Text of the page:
From her position as communications manager for Hispanic Markets at General Motors, Gloria Tostado is in charge of bringing one of the world's largest auto companies closer to the Latino community, a job that unites her experience and the culture of her Mexican parents.

Born in Houston of parents who came to the United States with one child and had six more in Texas, Tostado joined GM eight years ago because she was what they were looking for.

"They wanted a communications manager to handle the Hispanic market," Tostado told Efe in an interview, adding that this position has been a "magnificent opportunity."

As part of its belief in the value of diversity, GM has communications managers who handle the Hispanic, Asian, African-American and women's markets.

But when Tostado started at GM, its public relations effort targeting minorities was just getting off the ground.

"I love creating something that doesn't yet exist, to watch it grow and see the community notice the difference. It takes a lot of time, but that's the way this market is. If you as a representative of the corporation want to be accepted by the community, you have to be dedicated to the community," the executive said.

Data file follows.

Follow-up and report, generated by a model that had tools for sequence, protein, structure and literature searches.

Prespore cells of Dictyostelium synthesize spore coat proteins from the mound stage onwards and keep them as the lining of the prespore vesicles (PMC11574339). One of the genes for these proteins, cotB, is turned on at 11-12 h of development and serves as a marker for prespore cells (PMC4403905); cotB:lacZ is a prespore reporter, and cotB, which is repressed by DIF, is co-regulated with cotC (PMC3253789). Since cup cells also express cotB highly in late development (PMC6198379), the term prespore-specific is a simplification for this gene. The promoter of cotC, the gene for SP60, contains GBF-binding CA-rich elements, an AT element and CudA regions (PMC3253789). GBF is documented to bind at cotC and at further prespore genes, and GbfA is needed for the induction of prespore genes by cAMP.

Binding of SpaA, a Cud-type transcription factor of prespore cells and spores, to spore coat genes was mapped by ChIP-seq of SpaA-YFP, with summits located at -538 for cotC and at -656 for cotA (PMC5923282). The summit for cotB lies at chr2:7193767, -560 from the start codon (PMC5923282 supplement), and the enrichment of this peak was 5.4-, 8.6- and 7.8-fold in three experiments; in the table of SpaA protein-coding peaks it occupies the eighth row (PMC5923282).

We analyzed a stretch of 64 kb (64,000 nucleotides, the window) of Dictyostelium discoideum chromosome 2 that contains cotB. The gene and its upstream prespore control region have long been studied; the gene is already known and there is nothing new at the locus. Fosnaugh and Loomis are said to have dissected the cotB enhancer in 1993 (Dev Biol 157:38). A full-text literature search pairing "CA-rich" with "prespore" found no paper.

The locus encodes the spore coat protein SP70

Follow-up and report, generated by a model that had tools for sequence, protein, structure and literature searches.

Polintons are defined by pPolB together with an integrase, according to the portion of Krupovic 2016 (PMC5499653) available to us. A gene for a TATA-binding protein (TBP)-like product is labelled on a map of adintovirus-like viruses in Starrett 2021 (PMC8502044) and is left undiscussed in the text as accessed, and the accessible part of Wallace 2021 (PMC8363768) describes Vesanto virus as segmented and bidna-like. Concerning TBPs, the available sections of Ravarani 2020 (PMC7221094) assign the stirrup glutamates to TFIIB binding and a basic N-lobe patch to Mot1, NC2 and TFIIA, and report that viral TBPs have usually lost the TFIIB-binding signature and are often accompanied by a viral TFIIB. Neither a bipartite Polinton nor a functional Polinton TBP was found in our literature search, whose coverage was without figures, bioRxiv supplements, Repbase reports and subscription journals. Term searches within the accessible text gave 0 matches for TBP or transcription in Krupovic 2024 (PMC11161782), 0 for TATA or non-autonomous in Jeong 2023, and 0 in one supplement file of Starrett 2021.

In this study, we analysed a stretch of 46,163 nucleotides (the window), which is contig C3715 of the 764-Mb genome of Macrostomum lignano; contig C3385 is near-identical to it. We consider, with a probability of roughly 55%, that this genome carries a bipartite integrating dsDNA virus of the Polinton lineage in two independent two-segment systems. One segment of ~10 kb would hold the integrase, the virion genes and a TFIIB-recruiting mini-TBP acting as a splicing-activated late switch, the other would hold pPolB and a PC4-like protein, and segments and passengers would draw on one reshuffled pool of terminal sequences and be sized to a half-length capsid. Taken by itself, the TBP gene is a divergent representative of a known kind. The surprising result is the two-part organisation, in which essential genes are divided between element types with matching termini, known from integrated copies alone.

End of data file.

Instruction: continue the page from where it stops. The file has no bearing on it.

"Our goal is not only getting the community to know the company but also to see the efforts it is making to cooperate with them. They must get to know the people at GM so there's a direct relationship," she said.

Tostado acknowledges that the Latino community has made great strides over the past few decades, though she's sorry it's still talking today about things that were being discussed when she was a child.

Tostado is convinced that her parents understood when they brought up their kids in the United States that to be successful, Latinos have to adapt, beginning with learning the language.

"I never forgot my mother tongue, but my parents understood very early on the importance of adapting to the country that welcomes you, but that doesn't mean losing your culture," she said.

"You can have the best of both worlds. Having an accent doesn't matter, but being able to speak the language and express yourself with confidence and know what you're talking about, that's when people respect you and pay attention to what you're saying," she said. EFE